Kenny Rogers was 17, weighed 135 pounds and had one year of high school baseball experience playing rightfield when the Texas Rangers took him in the 39th round of the 1982 June draft—as a pitcher. He reported to the Rangers' rookie-league team in Sarasota, Fla., and on his first day, scout Sid Hudson asked him to throw from the stretch. "I didn't know how," Rogers says now.
Twelve years later Rogers faced 27 California Angel hitters in a game and didn't once have to go to the stretch. On July 28 the son of a berry farmer from tiny Dover, Fla., became only the 12th pitcher in this century to throw a perfect game, a 4-0 gem at The Ballpark in Arlington. Mister Rogers, who now carries 205 pounds on his 6'1" frame, is the first lefthander to pitch a perfecto in the American League.
"No one—not just baseball players, I mean carpenters, lawyers, no one—has come further in his craft than Kenny," says Tiger general manager Joe Klein, a former Ranger farm director. "From where we found him, it's amazing."
Rogers laughs when he thinks back to his early baseball days. "It's unbelievable that I even got to the big leagues," he says "My life would make a great movie. It ha; everything, mostly luck."
His good fortune began in 1981 when Ranger scout Joe Marchese saw Roger; make a strong throw while playing short stop in a recreation league before his senior year at Plant City (Fla.) High. Mar chese made a note about Rogers's arm strength, and during spring training in '82 he talked Klein into leaving a Ranger workout to watch Rogers throw before a high school game. Fifteen scouts were or hand, but only Klein and Marchese were there to sec Rogers, who was warming up in rightfield. "His first throw went over the third baseman's head, and so did the second one," Klein says. "His third throw went over the backstop. His fourth hit the backstop. Joe said to me, 'We should sign him in the 50th round as a pitcher.' We didn't even stay for the game."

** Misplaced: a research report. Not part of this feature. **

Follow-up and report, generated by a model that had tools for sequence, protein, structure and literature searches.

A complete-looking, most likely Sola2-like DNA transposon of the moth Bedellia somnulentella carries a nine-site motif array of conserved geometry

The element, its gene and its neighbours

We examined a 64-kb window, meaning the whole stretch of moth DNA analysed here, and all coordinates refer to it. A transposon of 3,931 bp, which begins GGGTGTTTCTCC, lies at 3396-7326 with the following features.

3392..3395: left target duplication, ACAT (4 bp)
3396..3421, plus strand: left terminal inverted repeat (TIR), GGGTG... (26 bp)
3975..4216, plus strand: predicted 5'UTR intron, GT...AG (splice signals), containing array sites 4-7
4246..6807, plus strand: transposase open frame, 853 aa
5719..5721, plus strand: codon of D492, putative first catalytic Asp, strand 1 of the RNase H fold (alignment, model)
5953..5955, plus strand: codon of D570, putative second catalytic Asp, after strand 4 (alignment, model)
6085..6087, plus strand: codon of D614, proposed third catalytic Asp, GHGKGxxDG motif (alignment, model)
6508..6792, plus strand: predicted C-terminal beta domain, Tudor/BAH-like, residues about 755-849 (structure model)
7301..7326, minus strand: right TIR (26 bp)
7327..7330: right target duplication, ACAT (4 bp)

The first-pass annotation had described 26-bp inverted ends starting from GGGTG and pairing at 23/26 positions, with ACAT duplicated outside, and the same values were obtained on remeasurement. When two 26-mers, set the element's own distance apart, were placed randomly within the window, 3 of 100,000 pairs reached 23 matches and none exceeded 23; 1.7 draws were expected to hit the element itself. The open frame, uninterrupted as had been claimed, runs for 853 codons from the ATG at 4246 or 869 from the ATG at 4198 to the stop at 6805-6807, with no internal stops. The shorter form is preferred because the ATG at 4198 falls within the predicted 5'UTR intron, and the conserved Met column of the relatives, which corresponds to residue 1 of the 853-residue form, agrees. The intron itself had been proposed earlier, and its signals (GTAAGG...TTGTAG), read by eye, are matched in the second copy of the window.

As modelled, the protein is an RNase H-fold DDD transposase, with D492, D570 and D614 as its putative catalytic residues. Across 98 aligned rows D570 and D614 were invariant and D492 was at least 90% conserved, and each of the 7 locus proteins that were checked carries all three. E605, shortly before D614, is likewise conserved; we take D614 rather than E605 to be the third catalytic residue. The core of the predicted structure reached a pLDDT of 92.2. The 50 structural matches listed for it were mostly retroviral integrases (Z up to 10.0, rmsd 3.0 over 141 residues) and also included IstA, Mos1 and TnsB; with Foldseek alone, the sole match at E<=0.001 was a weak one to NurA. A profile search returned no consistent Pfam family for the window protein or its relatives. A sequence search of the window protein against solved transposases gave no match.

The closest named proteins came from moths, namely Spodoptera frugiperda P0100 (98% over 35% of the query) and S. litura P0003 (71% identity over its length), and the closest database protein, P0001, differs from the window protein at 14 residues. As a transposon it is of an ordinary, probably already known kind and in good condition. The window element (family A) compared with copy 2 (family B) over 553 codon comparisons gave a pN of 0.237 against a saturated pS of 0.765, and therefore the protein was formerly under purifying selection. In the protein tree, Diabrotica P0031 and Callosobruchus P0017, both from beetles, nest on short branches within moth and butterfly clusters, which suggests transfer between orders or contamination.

The Rangers took him in the 39th round, but, says Klein, "it could have been the 59th, it didn't matter. No one else knew who he was." How could they? Rogers hadn't played sports his first two yean in high school because he was helping his father in the berry fields. "It was hare work—that's why I signed, to get away from it," says Rogers. "I didn't know anything about pitching. I had no idea how to throw a curveball. Warming up next to me my first day in Sarasota was Jose Guzman [now with the Cubs]. He was throwing curves, sliders. I thought, I'm in big trouble now."
Rogers was so raw that Ranger general manager Tom Grieve, then the Sarasota manager, used him for only three innings during the three-month rookie-league season. "I believe the only reason he didn't release me the first couple of years was that I brought the coaches strawberries from my father's farm," says Rogers. In 1984, after three years in the low minors—and having made no significant progress—Rogers asked to be released.